A related question may arise in the discussion in the gemara (19b) regarding damages caused by a stimulated sexual organ. Should such damage be classified as regel or keren? Quite possibly (and apparently, based on the language of the gemara), the question surrounds keren parameters. However, the gemara may have been probing whether damage stemming from movement unrelated to mobility can be classified as regel. Animal mobility is not considered an action, and its resultant damages are defined as regel. The swaying of sexual organs in unrelated to mobility, and hence considered a distinct action. It may not resemble action-less regel damage.
 
A similar question may surround damages caused by a snake bite. The midrash assumes that snakes were cursed with deadened taste buds, rendering all food with the taste of dust. In the absence of a pleasure component, a snake bite may not be defined as shein. Can it be defined as regel? Tosafot (16a) assume that it can and the Rashba (2b) cites two positions. Perhaps this debate surrounds the aforementioned question. Since a snake bite is not integral to snake mobility, it may not be compatible with the action-less category of regel.
 
A third example surrounds a pig foraging in a garbage dump for food (17b). The damage performed in the course of actively consuming food is clearly considered shein, but what about breakage while foraging? Rashi claims that this damage is regel, while Tosafot claim that it is shein. There are multiple factors that may influence this dispute (including the nature of pre-shein damages and the definition of indirect tzerorot damages), but it is possible that the debate surrounds the qualities of regel. This breakage is not pleasure driven, but it is also certainly not an action-less damage. Deciding whether to define it as regel or shein may depend upon a looser or stricter definition of the regel category.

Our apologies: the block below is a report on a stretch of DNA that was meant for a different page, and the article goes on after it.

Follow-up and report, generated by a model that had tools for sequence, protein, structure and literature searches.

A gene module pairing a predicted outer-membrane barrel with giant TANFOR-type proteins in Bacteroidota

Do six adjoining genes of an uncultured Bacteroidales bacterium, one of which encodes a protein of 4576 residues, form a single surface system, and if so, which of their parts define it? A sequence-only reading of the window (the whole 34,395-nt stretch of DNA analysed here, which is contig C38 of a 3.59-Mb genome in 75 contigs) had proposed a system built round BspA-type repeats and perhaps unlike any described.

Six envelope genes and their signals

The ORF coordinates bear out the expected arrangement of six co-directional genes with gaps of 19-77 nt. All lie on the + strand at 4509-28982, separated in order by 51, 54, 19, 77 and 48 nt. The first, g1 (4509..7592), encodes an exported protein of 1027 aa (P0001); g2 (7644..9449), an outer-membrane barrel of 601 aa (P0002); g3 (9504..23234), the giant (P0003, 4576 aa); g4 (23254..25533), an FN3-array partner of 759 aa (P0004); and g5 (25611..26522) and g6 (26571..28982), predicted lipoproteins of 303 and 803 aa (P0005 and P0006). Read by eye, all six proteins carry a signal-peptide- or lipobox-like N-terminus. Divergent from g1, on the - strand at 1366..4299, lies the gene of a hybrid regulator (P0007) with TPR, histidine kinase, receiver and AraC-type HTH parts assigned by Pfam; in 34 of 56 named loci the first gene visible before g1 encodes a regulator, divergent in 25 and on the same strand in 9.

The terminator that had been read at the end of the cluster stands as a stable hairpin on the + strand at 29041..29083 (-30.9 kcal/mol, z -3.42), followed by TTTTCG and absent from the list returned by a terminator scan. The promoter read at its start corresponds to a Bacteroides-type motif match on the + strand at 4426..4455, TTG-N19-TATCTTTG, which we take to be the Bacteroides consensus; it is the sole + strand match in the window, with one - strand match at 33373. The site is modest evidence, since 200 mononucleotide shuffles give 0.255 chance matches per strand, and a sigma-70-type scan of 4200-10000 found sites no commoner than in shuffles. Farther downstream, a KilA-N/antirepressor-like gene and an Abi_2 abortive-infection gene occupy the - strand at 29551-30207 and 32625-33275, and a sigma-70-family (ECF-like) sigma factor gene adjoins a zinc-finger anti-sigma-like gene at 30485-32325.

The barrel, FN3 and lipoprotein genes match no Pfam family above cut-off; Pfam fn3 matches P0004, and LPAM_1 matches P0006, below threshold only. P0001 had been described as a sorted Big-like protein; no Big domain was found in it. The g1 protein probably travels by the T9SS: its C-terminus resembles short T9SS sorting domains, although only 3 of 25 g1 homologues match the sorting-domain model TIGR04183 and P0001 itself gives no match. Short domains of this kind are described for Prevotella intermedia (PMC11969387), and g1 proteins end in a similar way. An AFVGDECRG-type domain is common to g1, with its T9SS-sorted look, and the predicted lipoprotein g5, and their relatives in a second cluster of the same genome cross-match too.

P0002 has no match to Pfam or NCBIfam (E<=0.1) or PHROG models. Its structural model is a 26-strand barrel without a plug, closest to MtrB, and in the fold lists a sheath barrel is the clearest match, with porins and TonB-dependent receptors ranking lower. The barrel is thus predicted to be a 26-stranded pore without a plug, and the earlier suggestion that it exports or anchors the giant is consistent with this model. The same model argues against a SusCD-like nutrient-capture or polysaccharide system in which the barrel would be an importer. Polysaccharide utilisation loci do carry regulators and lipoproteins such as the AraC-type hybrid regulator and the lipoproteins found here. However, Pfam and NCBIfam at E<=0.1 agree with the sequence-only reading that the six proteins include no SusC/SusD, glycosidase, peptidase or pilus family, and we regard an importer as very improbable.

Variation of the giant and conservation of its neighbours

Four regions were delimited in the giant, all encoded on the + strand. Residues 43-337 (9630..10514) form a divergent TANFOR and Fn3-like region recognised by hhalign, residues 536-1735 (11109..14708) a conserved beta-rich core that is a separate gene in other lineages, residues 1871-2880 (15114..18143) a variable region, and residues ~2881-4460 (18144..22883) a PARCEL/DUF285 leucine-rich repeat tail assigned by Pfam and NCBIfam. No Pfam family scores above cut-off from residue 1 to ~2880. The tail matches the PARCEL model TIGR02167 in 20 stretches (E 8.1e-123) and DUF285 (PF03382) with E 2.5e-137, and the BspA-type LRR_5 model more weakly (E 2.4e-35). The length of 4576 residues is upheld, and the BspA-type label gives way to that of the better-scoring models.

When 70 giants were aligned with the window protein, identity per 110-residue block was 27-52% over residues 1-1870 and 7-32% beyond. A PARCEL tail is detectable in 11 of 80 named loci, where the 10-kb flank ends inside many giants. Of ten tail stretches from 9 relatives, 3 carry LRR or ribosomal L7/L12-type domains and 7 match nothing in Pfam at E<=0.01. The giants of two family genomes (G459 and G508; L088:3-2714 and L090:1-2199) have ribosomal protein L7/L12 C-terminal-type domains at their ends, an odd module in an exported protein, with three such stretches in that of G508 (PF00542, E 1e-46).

Perhaps the most glaring instance of damage that is not driven by pleasure but also not natural to animal ambulation surrounds a situation of an animal squatting upon small objects. Squatting upon larger items is clearly an act of violence and is considered keren. Would squatting upon smaller objects classify as regel? Such an act is natural and non-violent, but it is not an integrated element of animal ambulation. Rashi (16a) indeed defines it as regel (consistent with his classification of breakage during foraging as regel), but the gemara leaves this question open-ended. If the regel category only contains action-less damages, squatting would not be included.
 
A completely different question may also be influenced by this question about the definition of regel. The beraita (17b) expands the regel category to include damages stemming from animal appendages (saddles and yokes). Would damages stemming from non-natural appendages be considered regel? Perhaps only action-less damages caused by the actual body of the animal may be considered regel. The mishna (17a) describes damages caused by entangled strings on the legs of chickens. This is fairly common occurrence and should be a candidate for regel. Tosafot presume that it would be regel, and are thus forced to redefine the scenario of the mishna, which does not appear to describe this as regel. This question is alluded to by the Ra’avad (whose conclusions are unclear) and fully explicated by the Pnei Yehoshua (19a), and it may be a direct function of the definition of regel. If regel is defined as action-less damages it may be limited to damage by the animal’s body or by natural extensions of the animal’s body. If regel includes all non-pleasure-driven damages then even damages through non-natural appendages can classify as regel.